Standing Tucks are Simple
No offense to everyone out there paying $30/hour for private lessons on their standing tucks, but standing tucks are simple. In fact, they are the simplest tumbling skill in cheerleading, other than a forward roll.
But what’s that you say? Standing tucks are hard? Yes, you are very right. A standing tuck is BOTH hard, and simple. Here’s what I mean. The technique involved in performing a standing tuck is not very complicated at all, making it more simple than other tricks. However, a standing tuck requires exceptional athleticism, so it is still very hard. As you probably guessed, this article is going to discuss the mechanics of a standing tuck. But first, here are a few examples to illustrate my remark about the simplicity of tucks compared to “easier” tricks.
A cartwheel is much more complicated than a tuck. It requires changing directions (from forward to backward) while inverted. A back tuck has no such complication. A back handspring is WAY more complicated than a back tuck. You have to sit just right, jump at the exact right time, look at the right place, etc. A front tuck is almost as simple as a back tuck. The big difference is that a front tuck involves a blind landing. After you invert, you do not see the ground again until after to you on your feet (or your seat, depending on how well you did). With a back tuck, you should be able to see the ground about 2/3rd of the way around, with plenty of time to spot and stick your landing.
One final example to show how simple a back tuck is comes from watching guys tumble. I have heard a million girls complain how a football player can walk into cheer practice and be throwing a back tuck in 15 minutes. How is that possible? Simply because they are very strong and athletic which more than makes up for a lack of experience because tuck technique is so basic. However, guys always seem to have messed up, crooked goofy-looking back handsprings and round offs. That is because those tricks take much more technique (and practice) to perfect. You only need to be able to jump a few inches and be able to support your body weight with you arms to throw a handspring. A tuck takes a lot more jumping strength and core strength to rotate.
So here are the basics of a back tuck. First, you have to jump and reach as high as you can. I tell people to NOT over-think the jump. When people are thinking about a tuck, they start all kind of bad habit like jumping flat-footed (not pushing off their toes) and throwing their heads back which cut off their jumps and reduce their height. When they just jump straight up, they don’t do any of those things. Of course the reason for that is the most complicated part of a tuck, which is fear. If you’re afraid of falling you might try to start your rotation early so you will at least get around to your knees, and that can cause you to cut off your jump.
The next part is really still part of the jump. I call it the lift. Really all I’m talking about is lifting your arms above your head and keeping your eyes looking straight ahead instead of back behind you. This puts you in a stretched out position, and you are ready to rotate.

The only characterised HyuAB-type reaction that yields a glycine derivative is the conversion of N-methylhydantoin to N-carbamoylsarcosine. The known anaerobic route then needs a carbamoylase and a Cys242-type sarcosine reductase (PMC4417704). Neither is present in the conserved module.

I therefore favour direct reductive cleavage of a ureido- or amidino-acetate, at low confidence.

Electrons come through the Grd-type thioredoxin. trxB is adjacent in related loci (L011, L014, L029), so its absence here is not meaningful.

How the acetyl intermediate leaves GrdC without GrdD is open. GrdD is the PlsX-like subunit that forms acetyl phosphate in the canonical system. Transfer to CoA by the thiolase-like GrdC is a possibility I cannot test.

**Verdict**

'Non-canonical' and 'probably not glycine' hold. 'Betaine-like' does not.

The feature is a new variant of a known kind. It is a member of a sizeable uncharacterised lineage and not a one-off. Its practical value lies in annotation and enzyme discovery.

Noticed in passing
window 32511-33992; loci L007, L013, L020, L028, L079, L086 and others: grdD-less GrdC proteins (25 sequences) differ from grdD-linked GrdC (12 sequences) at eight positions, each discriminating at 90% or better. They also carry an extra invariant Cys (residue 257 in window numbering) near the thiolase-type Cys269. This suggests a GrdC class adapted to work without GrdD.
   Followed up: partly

Tucking is what comes next. Some people think tucking is all about grabbing your legs. This is not true. In fact, some people perform standing tucks without grabbing anything at all. What needs to happen to tuck is you need to lift your hips up and over your shoulders. It is just like doing a backward roll, only you are at the top of your jump, in mid-air. The main muscles used to rotate are your hip flexors. These are the muscles that attach your quads to your hips. You also use them to lift your legs in a toe touch. If you sit in a chair and keep your knee bent at a right angle and pick your foot 2 inches off the ground, that muscle you feel at the top of your leg is your hip flexor.
Back to tucking. Using your hip flexor, you lift your knees up towards your hands (which should still be extended fully above your head). You may note that I mentioned earlier that your hips rotate you, not your legs. While this is true, your legs are attached to your hips, so where your legs go, your hips should follow. Make sense? Also, it is key that your feet come up in front of you as you lift your knees in stead of dragging up behind or underneath you. It can help to flex your feet after you jump. Failing to do so can cause your hips to drag behind and reduce your rotation.
Once your hips are rotating over your shoulders, you can grab under your legs, in front of your knees, or not at all. Personally I recommend in front of the knees. But whatever you do, you should not drop your arms down to your legs. Instead, always bring your legs up to your hands. Remember, that is what will lift your hips up and cause you to rotate.
Lastly, keep your eyes open, spot the floor and land.
In summary, you need to jump, stretch up, lift your knees, keep your eyes open and land. The technique for a standing tuck is simple. What makes it hard is overcoming fear, and developing the strength to jump hard enough and rotate your hips fast enough to execute the trick. If you’re close but not quite landing, all you might need is some extra conditioning to get you the rest of the way around.
And that is why a standing back tuck is both simple and hard. :)Explore posts in the same categories: Tumbling